Psychonomic Bulletin & Review 07/2001; 8(2):278-83. DOI:10.3758/BF03196162 · 2.99 Impact Factor
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    • "The lowest luminance used in most of the experiments was − 0.8 log photopic td (0.05 cd/m 2 ). We assume that only the scotopic system is active under the lowest adapting level (− 1.5 log photopic td) (Hecht & Schlaer, 1936; Stabell & Stabell, 1981; Hood & Finkelstein, 1986; McCourt, 1990; Makous, 1997). Though the next lowest luminance used, − 0.8 log photopic td, is also assumed to be in the scotopic range (Stabell & Stabell, 1981), since the cone threshold depends not only on the stimulus parameters but also on individual variations (Makous, 1997), some cones could be active at this luminance level. "
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    ABSTRACT: To characterize scotopic motion mechanisms, we examined how variation in average luminance affects the ability to discriminate velocity. Stimuli were drifting horizontal sine-wave gratings (0.25, 1.0 and 2.0 c/deg) viewed through a 2 mm artificial pupil and neutral density filters to produce mean adapting levels from 2.5 to -1.5 log photopic trolands. Drift temporal frequency varied from 0.5 to 36.0 Hz. Grating contrasts were either three or five times direction discrimination threshold contrasts at each adaptation level. Following 30 min adaptation, two drifting gratings were presented sequentially at the fovea. Subjects were asked to indicate which interval contained the faster moving stimulus. The Weber fraction for each base temporal frequency was determined using a staircase method. As previously reported, velocity discrimination performance was most acute at temporal frequencies of about 8.0 Hz and greater than 20.0 Hz (though there are individual differences), and fell off at both higher and lower temporal frequencies under photopic conditions. As adaptation level decreased, discrimination of high temporal frequencies in the central retina became increasingly worse, while discrimination of low temporal frequencies remained largely unaltered. The overall scotopic discrimination performance was best at about 3.0 Hz. These results can be explained by a motion mechanism comprising both low-pass and band-pass temporal filters whose peak and temporal cut-off shifts to lower temporal frequencies under scotopic conditions.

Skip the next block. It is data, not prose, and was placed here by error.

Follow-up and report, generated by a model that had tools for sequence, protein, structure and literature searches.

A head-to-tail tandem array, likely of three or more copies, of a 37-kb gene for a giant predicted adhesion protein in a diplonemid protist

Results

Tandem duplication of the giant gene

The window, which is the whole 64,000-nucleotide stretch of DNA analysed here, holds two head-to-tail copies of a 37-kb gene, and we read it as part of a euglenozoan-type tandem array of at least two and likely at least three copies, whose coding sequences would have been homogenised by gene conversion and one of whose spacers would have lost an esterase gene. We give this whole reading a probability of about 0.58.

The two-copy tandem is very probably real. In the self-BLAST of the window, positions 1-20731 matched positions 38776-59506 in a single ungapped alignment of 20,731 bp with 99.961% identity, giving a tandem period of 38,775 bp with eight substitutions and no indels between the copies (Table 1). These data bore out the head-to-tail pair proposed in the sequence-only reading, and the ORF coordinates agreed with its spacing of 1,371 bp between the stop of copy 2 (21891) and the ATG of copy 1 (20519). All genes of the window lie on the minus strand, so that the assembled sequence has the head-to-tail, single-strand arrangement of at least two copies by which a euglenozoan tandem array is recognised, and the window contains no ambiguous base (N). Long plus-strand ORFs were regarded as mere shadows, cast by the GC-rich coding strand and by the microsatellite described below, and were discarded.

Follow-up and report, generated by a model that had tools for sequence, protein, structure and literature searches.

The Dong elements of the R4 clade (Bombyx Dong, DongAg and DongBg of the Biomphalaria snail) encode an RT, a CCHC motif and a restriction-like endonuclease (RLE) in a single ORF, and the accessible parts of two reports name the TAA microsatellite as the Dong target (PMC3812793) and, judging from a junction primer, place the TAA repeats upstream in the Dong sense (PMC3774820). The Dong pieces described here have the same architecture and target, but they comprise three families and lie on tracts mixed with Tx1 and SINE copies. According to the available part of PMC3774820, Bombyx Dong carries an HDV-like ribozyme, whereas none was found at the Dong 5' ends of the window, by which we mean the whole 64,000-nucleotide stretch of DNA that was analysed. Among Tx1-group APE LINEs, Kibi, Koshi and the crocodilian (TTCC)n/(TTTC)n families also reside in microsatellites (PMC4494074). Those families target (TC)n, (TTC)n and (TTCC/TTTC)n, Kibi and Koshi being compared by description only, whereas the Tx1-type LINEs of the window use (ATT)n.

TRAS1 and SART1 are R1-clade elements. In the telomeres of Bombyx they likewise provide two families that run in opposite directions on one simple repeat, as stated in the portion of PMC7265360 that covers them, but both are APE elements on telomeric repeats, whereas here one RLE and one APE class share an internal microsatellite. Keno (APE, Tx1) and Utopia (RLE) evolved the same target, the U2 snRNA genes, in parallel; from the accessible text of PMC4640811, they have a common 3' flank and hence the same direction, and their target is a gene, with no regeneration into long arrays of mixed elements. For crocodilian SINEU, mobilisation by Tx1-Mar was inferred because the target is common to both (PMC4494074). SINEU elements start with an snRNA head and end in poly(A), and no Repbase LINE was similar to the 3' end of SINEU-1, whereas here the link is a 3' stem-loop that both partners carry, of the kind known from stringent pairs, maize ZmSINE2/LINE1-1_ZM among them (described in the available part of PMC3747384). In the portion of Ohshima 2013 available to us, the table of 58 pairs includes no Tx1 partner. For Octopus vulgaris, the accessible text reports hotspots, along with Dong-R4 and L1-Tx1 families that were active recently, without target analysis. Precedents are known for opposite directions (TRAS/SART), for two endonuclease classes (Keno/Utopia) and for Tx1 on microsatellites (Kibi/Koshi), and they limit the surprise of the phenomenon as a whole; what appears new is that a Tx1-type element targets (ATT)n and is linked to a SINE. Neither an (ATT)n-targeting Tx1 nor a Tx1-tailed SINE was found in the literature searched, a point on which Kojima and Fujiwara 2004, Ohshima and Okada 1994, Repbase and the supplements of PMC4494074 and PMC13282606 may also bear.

Vision Research 02/2000; 40(15):2011-24. DOI:10.1016/S0042-6989(00)00048-1 · 2.38 Impact Factor
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    • "We also used adapting levels of 7.85 td (0.9 log photopic td), 0.785 td (–0.1 log photopic td), and 0.0785 td (–1.1 log photopic td), respectively. We assume that only the scotopicsystem is active under the lowest adapting level (Hecht & Shlaer, 1936; Hood & Finkelstein, 1986; McCourt, 1990). Subjects initially dark adapted for 25 min prior to the task, and the experiment always started at the lowest adapting level. "
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    ABSTRACT: We studied scotopic motion mechanisms, using a two-frame sinusoidal grating separated by various ISIs equated for mean luminance level. Perceived direction of displacement varied with both ISI and luminance. As luminance decreased, apparent motion reversal disappeared. This is predicted by a first-order motion model if the underlying temporal impulse response function varies from biphasic under photopic conditions to monophasic under scotopic conditions. Performance at long (but not short) ISIs depends upon stimulus contrast, suggesting there is also a scotopic feature-tracking mechanism. With isoluminant and high spatial frequency gratings, where the temporal impulse response function is monophasic, no motion reversal was observed.
    Vision Research 04/1997; 37(6):745-55. DOI:10.1016/S0042-6989(96)00207-6 · 2.38 Impact Factor